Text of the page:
Americans cut spending to cope with payroll-tax increase

A change in federal tax law that decreased the take-home pay of working Americans is affecting household budgets, according to a survey by the National Retail Federation (NRF), a trade association.

On Jan. 1, 2013, Congress passed the American Taxpayer Relief Act of 2012, the so-called fiscal cliff bill that was signed into law the following day. The legislation did not extend a 2% temporary payroll-tax cut in effect since 2011, thus increasing from 4.2% to 6.2% the Social Security (FICA) employee tax on the first $113,700 of wages. The portion of the tax employers pay remains at 6.2% of employee wages for a total Social Security FICA tax of 12.4%. The Internal Revenue Service issued new 2013 tax withholding tables for employers.

The NRF’s 2013 Tax Returns Survey, which polled 5,185 U.S. consumers from Feb. 5-13, 2013, revealed that nearly three-quarters (73.3%) of respondents said their spending plans were taking a hit.

“A smaller paycheck due to the fiscal cliff deal, higher gas prices, low consumer confidence and ongoing uncertainty about our nation’s fiscal health is negatively impacting consumers and businesses across the country,” said NRF President and CEO Matthew Shay in a press release.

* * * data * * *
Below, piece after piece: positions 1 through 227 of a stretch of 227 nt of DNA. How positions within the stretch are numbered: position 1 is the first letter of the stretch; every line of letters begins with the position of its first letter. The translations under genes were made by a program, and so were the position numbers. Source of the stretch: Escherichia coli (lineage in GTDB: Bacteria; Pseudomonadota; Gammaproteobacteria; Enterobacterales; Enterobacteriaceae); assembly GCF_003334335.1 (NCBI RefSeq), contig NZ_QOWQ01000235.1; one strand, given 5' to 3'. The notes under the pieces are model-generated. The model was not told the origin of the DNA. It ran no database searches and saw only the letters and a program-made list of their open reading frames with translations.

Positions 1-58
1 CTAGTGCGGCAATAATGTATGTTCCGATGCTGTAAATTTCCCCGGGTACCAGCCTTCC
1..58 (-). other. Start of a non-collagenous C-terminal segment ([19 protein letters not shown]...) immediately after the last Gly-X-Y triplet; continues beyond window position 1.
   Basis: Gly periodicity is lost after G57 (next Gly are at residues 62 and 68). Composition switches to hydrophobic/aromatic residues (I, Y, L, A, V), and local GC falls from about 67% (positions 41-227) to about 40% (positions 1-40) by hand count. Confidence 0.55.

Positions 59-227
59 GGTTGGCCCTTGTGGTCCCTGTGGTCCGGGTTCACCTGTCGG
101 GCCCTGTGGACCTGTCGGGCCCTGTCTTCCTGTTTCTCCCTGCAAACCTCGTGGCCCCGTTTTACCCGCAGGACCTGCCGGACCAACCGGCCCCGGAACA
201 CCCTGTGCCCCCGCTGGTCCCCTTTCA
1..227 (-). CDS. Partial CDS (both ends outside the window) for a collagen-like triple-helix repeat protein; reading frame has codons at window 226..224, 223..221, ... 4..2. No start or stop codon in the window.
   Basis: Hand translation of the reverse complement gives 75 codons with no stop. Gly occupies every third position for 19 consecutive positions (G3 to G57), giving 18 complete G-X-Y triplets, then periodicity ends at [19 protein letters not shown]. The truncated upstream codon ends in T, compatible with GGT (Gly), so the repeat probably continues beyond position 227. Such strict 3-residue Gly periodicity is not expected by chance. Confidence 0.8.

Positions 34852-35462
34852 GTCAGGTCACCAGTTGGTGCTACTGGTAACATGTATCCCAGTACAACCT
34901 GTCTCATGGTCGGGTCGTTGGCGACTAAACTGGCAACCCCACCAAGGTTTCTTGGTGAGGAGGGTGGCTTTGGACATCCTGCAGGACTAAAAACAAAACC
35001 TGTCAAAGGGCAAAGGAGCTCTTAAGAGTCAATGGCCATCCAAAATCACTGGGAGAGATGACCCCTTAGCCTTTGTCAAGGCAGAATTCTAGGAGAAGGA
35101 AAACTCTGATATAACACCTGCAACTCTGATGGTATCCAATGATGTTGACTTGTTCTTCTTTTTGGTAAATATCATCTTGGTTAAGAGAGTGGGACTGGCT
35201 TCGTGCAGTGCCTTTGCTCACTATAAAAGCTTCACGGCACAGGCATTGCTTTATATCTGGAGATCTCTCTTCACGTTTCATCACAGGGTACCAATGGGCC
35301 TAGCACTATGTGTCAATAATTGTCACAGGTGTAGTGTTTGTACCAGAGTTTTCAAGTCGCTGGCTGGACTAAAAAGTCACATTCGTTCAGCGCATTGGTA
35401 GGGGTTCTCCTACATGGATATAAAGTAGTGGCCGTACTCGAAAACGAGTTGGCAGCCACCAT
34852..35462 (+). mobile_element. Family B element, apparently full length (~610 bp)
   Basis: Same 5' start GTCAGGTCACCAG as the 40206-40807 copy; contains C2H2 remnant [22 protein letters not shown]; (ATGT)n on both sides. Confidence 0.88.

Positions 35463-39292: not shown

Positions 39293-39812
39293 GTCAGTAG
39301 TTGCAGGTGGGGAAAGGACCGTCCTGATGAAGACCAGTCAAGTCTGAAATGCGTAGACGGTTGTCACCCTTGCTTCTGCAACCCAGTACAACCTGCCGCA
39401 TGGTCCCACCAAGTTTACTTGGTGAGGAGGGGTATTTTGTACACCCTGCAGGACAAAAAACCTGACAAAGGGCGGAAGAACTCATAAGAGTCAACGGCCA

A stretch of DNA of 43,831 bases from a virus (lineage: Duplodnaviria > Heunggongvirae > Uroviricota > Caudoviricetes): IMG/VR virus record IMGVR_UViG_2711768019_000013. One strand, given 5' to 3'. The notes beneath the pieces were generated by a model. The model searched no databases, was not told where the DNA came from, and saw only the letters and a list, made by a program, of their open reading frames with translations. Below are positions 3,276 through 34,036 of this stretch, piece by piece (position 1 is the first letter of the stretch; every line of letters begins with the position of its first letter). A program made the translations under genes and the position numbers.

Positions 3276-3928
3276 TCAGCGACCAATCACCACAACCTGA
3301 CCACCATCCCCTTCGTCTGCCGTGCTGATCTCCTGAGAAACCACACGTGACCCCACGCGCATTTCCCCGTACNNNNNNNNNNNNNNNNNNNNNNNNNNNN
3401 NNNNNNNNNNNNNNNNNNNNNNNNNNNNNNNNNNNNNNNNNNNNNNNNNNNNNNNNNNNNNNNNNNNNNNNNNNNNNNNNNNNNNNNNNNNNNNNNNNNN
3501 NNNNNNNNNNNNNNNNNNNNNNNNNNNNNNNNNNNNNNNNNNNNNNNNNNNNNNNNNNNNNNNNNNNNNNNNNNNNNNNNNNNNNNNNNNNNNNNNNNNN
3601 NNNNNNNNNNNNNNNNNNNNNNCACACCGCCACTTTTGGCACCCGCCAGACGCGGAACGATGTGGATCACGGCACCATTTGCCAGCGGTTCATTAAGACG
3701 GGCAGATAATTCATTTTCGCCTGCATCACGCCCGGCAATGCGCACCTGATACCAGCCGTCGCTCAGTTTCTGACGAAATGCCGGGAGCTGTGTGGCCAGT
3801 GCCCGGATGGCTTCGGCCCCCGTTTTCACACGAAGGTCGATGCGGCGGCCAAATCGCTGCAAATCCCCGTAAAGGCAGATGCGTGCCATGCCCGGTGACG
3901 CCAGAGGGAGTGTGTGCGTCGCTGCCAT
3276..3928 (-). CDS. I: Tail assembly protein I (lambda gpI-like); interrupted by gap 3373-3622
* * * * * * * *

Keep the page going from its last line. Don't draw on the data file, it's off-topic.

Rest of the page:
When asked how the new federal tax laws have affected spending, saving or budgeting of their households:

Nearly six in 10 (58.2%) of respondents said their plans have been either somewhat or greatly affected.

• Nearly half (45.7%) said they will spend less overall, and 35.6% will watch for sales more often.

• Of those who said they had been greatly affected by the tax increase, nearly half (49.2%) will delay major purchases, such as a car, TV or furniture, and 58.2% will dine out less frequently. Another 43.4% will contribute less to savings, 46.4% will comparison-shop more often, and 54.4% will spend less on clothing.

• Fifty percent of those who make under $50,000 a year said they will spend less overall. Additionally, 23.2% will spend less on groceries, compared with 16.7% of consumers who make more than $50,000 a year, and 27.6% will shop at discount stores more often, compared with 19.7% of adults making more than $50,000.

“Americans are extremely mindful of how they spend their hard-earned money these days,” said BIGinsight Consumer Insights Director Pam Goodfellow in the same release. “Thanks to years of practice stemming from high gas and food prices and an uncertain economy, families will adjust to the changes in their take-home pay by purchasing generic brands, searching for coupons, downgrading on services like cable and Internet, and re-evaluating their overall spending habits.”

©2013 SHRM. All rights reserved. 

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Comments

The under $50K crowd voted

The under $50K crowd voted for O'bama in droves, these are the people he and the dems say they want to help. How's that hopey/changey thing workin' for ya?